Bursting With Love(3)

By: Melissa Foster

He turned and surveyed this weekend’s group of yuppies-turned-survivalists with their nervous smiles and eyes that danced with possibilities. He’d been running survival training retreats as a means of remaining at least a little connected to civilization, and though Jack had plenty of money, the extra income made him feel like he was a productive member of society. He looked over his new students, silently mustering the energy to be civil and patient.

Lou and Elizabeth Merriman stood behind their young son, Aiden, each with one hand on his shoulder. A granola family. He knew from their registration form that they lived a green lifestyle, Elizabeth homeschooled little towheaded Aiden, and they were vegans. They were there to make an impression on their young son. He’d had enough granola families attend his survival camps to know that they all thought they had the answers to life and health, when the reality was that they had no damn answers at all. It wasn’t the answers about life he was concerned with. Jack had yet to meet anyone who could give him the answers that really mattered—the answers about death and how to deal with it.

He shifted his gaze to their left. Pratt Smith, a brooding, brown-haired artist, and Josie Bales, a dark-haired beauty who taught second grade for a living. Josie played with the ends of her hair. The two twentysomethings who were traveling separately—he, for the hell of it, and she, to find herself—were trying to pretend they weren’t sizing each other up as potential hookups. Great. Jack didn’t have anything against young couples getting together, but he sure as hell wished they’d do it on their own time. His job was to bring them out into the woods, show them basic survival skills, and send them home feeling like they were Bear Grylls. The last thing he wanted to deal with was a couple sneaking into the woods seeking privacy and doing something stupid like getting lost or being eaten by a bear. And he sure as hell didn’t need the goddamn reminder of how good it felt to be in love shoved in his face every time he looked at them. Love had been off his plate since Linda died, and he wasn’t looking for a second helping.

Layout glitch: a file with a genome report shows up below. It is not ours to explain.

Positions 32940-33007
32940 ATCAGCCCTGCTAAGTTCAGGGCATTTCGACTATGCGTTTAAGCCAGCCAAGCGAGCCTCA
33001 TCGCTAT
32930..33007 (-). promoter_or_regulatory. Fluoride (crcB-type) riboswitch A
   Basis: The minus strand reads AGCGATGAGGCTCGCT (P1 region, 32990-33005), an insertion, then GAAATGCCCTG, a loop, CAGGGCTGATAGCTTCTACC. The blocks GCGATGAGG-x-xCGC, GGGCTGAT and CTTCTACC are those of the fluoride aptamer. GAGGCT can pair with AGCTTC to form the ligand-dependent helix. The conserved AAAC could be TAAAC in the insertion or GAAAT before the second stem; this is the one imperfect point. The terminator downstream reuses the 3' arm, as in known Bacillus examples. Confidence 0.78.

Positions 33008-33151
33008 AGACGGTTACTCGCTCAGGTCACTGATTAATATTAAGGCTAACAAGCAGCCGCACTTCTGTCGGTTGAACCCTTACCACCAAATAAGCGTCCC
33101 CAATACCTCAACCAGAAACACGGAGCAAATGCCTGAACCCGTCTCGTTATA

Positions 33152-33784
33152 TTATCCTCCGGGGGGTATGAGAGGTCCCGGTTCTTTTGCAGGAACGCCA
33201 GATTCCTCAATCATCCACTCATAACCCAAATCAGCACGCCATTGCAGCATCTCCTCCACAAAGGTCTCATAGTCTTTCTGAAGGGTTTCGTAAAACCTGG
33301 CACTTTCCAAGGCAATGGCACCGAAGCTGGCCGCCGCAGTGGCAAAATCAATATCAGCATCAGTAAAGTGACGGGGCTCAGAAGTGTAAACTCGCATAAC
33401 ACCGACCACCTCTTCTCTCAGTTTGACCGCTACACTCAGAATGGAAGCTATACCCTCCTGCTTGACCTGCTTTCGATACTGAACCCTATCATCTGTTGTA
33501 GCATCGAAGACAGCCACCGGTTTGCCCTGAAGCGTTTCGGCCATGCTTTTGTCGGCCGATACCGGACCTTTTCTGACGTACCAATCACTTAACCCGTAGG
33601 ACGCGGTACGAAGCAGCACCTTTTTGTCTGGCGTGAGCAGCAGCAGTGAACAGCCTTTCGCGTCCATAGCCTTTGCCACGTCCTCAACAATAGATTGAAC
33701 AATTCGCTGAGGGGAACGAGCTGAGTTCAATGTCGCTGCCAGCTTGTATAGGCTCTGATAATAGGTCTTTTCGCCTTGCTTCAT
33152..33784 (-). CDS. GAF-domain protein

Now, where in the hell was the goddamn woman who’d called and signed up three days ago? The pushy one who wouldn’t take no for an answer when he’d said registration had already closed. He saw boots land on the ground on the other side of the plane. She was taking her own sweet time, and they had work to do. She’d better not be a Manhattan prima donna. He’d had enough of those whiny women to last a lifetime, and he never understood why they enrolled in the weekend courses anyway. He forced the thought away. The students paid for a guide, not a critic.

He planted his boot-clad feet in the dirt and opened his arms. “Welcome to survivor camp. You’ll notice that there is no formal name for my program, and that’s because emergencies don’t come packaged neat and tidy with cute little names. We’re preparing for survival. I’ve spoken to each of—”

“I’m sorry. The landing was a little nerve-rack—”

The woman from the airport made her way around the plane, cutting him off midsentence. As she flashed a broad smile at the others, he remembered her name. Savannah. Savannah Braden.

She glanced at Jack, and their eyes caught. Her smile faded; her green eyes narrowed. She was taller, curvier, and even more beautiful than he’d realized when he’d run into her at the airport.

Jack clenched his jaw. He cleared his throat and looked away, then continued.

“I’m Jack Remington, and I live on this land.” His eyes drifted toward Savannah and he paused, then looked away and began again. “I served eight years as a Special Forces officer with the United States Army. I can get you in and out of here alive if you listen and work together. Let’s keep the land clean and the attitudes friendly.”

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